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Utopia Planitia

Plain on Mars

A vast plain extending across the northern lowlands of Mars, more than 3,500 km in diameter. To the south and west it is bordered by the Martian highlands of Syrtis Major Planum and Arabia Terra, forming a solid region of higher land broken by a broad circular 'bay' of Utopia Planitia known as Isidis Planitia. To the southeast the plain runs up against Elysium Planitia and its crop of volcanoes (notably Elysium Mons). Extending northward from Elysium is the long narrow range of the Phlegra Montes, which separates Utopia Planitia from Arcadia Planitia to the east.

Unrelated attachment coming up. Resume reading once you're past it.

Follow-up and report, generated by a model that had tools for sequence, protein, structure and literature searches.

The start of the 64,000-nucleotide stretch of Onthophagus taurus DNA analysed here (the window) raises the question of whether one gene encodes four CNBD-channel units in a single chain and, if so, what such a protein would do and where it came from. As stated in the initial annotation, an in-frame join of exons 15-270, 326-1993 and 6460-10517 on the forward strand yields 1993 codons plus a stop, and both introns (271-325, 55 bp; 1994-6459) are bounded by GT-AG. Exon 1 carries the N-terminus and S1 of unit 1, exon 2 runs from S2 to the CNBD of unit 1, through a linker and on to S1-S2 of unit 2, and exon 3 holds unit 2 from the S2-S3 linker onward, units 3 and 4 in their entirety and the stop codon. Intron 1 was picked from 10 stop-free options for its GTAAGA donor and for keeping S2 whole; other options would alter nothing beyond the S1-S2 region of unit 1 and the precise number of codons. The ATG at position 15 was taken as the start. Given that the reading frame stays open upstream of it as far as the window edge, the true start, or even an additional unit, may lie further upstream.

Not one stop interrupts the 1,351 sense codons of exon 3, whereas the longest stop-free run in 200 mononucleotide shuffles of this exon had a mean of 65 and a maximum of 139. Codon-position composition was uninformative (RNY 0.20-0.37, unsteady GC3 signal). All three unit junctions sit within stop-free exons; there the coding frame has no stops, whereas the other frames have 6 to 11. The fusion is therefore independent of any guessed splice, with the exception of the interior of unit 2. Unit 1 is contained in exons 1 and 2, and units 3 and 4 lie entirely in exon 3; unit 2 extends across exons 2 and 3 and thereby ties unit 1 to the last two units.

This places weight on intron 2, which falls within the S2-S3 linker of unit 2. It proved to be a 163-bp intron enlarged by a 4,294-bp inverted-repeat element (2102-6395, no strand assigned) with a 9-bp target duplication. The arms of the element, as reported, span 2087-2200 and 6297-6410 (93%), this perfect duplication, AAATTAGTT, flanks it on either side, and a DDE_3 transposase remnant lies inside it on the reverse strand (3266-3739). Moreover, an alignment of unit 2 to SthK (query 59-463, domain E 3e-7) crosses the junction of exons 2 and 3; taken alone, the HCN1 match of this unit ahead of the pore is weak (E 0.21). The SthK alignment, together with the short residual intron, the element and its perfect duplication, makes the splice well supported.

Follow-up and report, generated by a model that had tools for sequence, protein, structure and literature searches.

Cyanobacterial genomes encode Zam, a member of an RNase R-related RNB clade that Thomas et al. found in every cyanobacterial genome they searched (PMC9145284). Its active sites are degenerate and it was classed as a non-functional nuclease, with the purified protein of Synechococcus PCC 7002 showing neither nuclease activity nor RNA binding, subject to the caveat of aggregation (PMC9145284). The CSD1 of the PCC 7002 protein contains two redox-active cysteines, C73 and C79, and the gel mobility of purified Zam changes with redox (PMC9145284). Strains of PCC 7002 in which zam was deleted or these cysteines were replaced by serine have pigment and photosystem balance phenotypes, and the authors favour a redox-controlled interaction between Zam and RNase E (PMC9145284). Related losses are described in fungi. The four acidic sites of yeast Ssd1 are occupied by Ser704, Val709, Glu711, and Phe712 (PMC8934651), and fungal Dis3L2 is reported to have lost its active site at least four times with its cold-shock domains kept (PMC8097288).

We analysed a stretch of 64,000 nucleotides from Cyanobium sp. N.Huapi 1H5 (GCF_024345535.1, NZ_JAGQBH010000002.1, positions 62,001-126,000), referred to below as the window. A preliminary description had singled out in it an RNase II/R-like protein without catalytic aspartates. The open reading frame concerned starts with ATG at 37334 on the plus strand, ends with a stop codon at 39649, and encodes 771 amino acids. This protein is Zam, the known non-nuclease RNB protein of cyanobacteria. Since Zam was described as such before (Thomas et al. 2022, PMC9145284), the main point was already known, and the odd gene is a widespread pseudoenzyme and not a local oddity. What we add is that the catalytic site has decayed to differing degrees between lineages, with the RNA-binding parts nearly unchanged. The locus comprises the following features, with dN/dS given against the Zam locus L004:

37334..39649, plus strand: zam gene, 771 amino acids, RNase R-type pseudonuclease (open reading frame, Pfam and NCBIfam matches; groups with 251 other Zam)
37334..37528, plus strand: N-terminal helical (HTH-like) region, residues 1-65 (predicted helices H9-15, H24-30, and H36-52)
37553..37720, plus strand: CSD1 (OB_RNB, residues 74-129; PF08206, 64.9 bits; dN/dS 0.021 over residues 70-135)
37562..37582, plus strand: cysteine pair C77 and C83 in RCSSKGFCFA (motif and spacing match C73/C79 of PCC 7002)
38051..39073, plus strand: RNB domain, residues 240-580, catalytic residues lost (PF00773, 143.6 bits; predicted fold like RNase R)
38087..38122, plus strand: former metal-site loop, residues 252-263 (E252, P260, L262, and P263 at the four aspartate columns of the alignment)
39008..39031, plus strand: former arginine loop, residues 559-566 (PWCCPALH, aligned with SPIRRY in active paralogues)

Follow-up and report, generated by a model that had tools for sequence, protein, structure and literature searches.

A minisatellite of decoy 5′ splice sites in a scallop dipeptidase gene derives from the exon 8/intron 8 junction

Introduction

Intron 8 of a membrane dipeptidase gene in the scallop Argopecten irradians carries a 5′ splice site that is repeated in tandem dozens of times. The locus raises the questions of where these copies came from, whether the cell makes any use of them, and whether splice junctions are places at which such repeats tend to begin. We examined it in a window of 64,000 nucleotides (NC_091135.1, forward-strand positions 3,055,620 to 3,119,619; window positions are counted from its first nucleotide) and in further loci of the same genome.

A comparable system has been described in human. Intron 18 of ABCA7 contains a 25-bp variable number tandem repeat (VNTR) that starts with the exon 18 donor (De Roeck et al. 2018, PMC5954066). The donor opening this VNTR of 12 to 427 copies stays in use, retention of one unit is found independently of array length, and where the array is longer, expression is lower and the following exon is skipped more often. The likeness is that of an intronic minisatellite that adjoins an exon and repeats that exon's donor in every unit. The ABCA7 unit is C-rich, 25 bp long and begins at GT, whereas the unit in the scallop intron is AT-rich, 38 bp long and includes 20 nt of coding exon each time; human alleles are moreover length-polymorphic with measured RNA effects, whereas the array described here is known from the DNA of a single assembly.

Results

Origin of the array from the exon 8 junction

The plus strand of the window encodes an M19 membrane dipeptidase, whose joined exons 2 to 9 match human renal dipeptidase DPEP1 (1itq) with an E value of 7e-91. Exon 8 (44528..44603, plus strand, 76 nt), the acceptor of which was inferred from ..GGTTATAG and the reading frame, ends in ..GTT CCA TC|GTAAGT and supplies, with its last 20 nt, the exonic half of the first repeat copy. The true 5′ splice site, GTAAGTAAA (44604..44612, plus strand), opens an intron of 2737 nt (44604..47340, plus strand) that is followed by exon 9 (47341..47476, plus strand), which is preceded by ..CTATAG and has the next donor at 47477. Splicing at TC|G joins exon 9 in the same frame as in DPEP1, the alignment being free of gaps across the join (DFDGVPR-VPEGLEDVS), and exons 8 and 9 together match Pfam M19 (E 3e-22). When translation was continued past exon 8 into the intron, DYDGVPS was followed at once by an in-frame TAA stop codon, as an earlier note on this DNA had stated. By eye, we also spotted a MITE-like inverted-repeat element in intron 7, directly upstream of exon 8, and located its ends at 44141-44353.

The plain of Utopia Planitia forms the shape of rough circle, due to its origins in an ancient and cataclysmic impact event. From a distance, its surface appears almost flat and unbroken, apart from a handful of small craters. The largest of these craters is the 104-kilometre Mie in the eastern part of the basin, notable as lying near the site where the Viking 2 probe landed on Mars in 1976. To the west from Mie is the only other significant crater on the plain, Nier, which is 46 km in diameter.

In fact the plain of Utopia Planitia is not flat and featureless, but is wrinkled by numerous patterns of ridges and escarpments extending outward from the central regions of the impact basin. The Cydnus Rupes run northward towards the great northern plain of Vastitatas Borealis, while the Utopia Rupes run westward and the Hephaestus Rupes lead southward toward the hills of Nepenthes Mensae. At a closer scale, the surface of Utopia Planitia is densely strewn with numerous rocks and boulders, many distorted into strange forms by the regular biting windstorms that pass over the surface of Mars.


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